Our Farm

Sheep on pasture


Lizbeth and Stephen Shafer got our first sheep in 1980 with the support and encouragement of Lizbeth’s family,  who farmed in Dutchess County NY.  Our first ewes, not purebred,  had been the subjects of the shearing demo at the NYS Sheep and Wool Festival.  At Wethersfield,  the farm in Amenia NY founded in the 1930s by Lizbeth’s  father,  we began a very small  Romney flock the next year. The first three ewes  came  from Brenda Bothe (NJ) ; the first  ram,  from Peter and Patty Drape (NY).   With the very material assistance of our friends the  Blundells and of the Wethersfield Farm staff  we built up the Wethersfield Romney flock along with a fair-sized commercial-sheep operation.  

Wethersfield Romneys got Premier Exhibitor at the Big E in 1987 and 1988; Premier Breeder in 1988.  At NAILE in 1988 Wethersfield  had  Grand Ch.  Romney Ewe (If I remember right, she was a Bellairs.)  Thus for 30  years this flock has stood well at major eastern shows; see the Shows and Sales pages for details.

In 1992 we moved to a 250-year-old farm in Saugerties,  NY and changed the flock name to Anchorage, that having been  the name of the new place since the 1890s.  The move and the re-establishment could not have been done without  the expertise  of Randy Reuter, manager  1989-2000.   Ian Stewart lent a strong hand 2002-2003.   In 2004 we were privileged to have Graeme Stewart come as manager.    Not only is Graeme indispensable  to Anchorage, but he also has had  many roles in the  Dutchess County Sheep and  and Wool Growers Association  (of which –no surprise–Lizbeth’s brother in law Roy had been one of the original organizers).  Several years ago, Graeme was named Shepherd of the Year by the Association .  He  judges  sheep shows in MA, MD, NJ, NY, PA, VT and OH. 

Our farm was cleared before 1763  by settlers of Dutch descent.  In the 19th C.  it was known as “The Brink Place” for Capt.  John Brink,  who  fought at Yorktown and whose son Andrew piloted the North River Steamboat (later called Clermont) on its maiden voyage to Albany in 1809.   On moving in we found a lot of old horse-drawn farm equipment from the early 20th  C. and before.  The barns had no electricity and no water except a seasonal spring.  The slideshow takes viewers through  four seasons at Anchorage Farm. 

Update in 2017

We have, and are are glad  to have,  Romneys who get their pigment pattern from the dominant allele at the extension locus.  Nevertheless, we  set out several years ago on the road to to breeding  some “recessively” natural-colored Romneys,  learning from the experience of breeders like Maggie Howard, Dee Heinrich and Del Pike.  Like many breeders described in Maggie’s book,  we realized seven  years ago  that we used to have recessively-colored Romneys in the 1980s and early 1990s but could no longer see any here.   To remedy that, the first step was to use  natural-colored x white crosses to “shake out”  the color allele dominant at extension; second step was to uncover color alleles at the agouti locus, known in shorthand as “recessive color.”     Our  ram X001 from Tawanda Farms, Montague CA, was  the  keystone in this starting this multi-year sequence.  We thank Maggie and Carol for making him available to us, and for sending us in summer 2015 two more recessive rams that we very much wanted.  Read about them on the recessive color page.  X001 went in 2014 to a farm in Pennsylvania that was looking for an Aa Aa ram.  In late 2017, “Cary” and “Sangria” set off on a journey home to Montague after leaving us three years of great lambs.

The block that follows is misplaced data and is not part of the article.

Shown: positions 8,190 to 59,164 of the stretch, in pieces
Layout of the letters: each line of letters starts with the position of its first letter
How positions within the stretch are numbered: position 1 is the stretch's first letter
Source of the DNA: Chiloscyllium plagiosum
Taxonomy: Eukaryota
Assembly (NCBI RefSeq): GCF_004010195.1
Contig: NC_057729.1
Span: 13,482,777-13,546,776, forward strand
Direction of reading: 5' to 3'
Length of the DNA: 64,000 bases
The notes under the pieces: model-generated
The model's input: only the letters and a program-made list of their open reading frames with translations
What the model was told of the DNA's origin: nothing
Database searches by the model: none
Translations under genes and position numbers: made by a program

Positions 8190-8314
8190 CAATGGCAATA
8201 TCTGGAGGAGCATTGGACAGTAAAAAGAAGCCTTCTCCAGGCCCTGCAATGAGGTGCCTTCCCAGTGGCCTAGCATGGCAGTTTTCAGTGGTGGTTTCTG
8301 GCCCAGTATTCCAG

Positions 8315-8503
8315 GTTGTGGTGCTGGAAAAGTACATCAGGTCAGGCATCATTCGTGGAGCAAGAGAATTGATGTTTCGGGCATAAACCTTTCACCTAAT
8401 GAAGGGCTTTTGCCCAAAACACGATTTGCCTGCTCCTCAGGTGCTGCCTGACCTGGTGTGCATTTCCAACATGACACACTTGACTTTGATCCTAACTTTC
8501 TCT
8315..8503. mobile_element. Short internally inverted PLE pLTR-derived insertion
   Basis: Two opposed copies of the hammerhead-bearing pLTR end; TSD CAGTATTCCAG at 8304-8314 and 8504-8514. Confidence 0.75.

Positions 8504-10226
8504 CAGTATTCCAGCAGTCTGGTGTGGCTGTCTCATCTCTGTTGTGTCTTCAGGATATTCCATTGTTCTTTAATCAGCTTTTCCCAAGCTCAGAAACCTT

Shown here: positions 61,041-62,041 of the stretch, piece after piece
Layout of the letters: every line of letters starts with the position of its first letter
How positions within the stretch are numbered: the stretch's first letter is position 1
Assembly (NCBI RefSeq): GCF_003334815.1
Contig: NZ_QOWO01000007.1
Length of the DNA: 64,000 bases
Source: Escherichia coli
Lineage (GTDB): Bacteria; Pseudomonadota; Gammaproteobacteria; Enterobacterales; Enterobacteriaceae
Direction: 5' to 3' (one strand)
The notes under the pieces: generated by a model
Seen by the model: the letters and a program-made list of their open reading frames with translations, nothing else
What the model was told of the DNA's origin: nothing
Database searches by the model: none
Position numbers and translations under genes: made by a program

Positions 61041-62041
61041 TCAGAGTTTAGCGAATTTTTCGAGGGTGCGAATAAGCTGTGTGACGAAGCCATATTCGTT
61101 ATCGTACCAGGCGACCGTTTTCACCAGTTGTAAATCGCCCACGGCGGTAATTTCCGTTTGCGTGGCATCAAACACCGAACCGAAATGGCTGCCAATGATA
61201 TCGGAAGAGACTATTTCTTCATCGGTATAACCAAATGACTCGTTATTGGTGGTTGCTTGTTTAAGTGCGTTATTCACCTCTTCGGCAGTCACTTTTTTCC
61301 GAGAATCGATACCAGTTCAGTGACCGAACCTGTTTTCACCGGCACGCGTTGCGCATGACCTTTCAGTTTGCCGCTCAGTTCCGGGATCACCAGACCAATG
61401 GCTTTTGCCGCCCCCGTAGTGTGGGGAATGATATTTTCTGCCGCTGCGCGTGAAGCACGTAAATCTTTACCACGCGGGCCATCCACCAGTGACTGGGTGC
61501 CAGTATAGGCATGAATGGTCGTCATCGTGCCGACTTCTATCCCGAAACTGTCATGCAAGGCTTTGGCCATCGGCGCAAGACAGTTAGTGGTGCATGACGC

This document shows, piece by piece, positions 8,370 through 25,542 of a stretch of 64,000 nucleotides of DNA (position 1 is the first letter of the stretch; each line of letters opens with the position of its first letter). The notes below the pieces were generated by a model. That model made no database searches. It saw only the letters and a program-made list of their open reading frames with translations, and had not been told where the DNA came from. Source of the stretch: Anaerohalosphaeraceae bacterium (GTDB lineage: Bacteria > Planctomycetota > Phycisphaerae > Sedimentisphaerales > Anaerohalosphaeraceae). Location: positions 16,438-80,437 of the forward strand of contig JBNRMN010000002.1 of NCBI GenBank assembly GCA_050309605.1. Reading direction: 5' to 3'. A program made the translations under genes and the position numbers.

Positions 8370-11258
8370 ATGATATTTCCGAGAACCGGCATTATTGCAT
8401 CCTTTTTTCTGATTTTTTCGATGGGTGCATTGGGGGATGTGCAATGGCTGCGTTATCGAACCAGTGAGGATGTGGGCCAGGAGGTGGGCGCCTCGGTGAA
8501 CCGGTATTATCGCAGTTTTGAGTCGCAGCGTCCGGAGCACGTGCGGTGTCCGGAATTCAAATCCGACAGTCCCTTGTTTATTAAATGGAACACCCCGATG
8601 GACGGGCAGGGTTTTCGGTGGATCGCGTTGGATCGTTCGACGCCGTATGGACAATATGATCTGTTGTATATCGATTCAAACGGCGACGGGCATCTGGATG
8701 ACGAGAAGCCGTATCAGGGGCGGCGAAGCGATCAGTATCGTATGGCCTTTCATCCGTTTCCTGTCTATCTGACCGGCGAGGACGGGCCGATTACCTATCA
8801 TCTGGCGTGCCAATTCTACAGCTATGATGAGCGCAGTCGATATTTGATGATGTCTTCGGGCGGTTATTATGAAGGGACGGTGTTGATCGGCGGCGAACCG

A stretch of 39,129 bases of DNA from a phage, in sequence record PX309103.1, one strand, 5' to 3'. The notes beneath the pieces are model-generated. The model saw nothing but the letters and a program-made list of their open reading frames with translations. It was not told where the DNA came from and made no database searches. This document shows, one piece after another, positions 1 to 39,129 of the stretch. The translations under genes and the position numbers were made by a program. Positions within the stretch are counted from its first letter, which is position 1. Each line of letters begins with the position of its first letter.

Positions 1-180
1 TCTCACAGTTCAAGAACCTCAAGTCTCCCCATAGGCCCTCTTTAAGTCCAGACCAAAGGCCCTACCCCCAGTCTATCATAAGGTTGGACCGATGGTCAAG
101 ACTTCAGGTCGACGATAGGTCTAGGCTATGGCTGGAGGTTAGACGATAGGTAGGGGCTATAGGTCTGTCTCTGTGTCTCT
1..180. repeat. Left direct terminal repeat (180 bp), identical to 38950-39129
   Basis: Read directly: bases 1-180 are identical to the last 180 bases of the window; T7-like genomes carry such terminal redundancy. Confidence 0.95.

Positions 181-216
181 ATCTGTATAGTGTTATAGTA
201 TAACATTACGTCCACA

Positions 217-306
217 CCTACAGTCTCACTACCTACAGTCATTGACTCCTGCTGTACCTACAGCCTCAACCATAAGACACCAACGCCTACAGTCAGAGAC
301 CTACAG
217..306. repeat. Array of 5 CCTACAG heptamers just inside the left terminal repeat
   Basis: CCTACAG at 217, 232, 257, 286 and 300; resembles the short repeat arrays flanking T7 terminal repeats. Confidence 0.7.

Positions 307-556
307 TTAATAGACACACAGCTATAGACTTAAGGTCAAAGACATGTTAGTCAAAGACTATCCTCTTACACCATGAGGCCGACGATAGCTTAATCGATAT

Early on in the quest to breed recessively-colored Romneys we  lost a year in the “shake out” process through using a good natural-colored ram who. we now realize.  must have been “double dominant.”  Thirty-five  of 36   lambs by him out of white ewes over  two seasons  were natural-colored, instead of the expected half.   Thirty-five of 35 lambs by him out of extension-dominant  ewes over those two years were natural-colored,  where if he were E+ Ed we would have expected about a quarter of them to be white.   [The one white lamb will forever be a  puzzle to  us.]    Our first home-born recessive n/c ewe was born in 2012, by X001 out of  a white ewe that went back to Bellairs blood.  She is still with us, bred for 2018.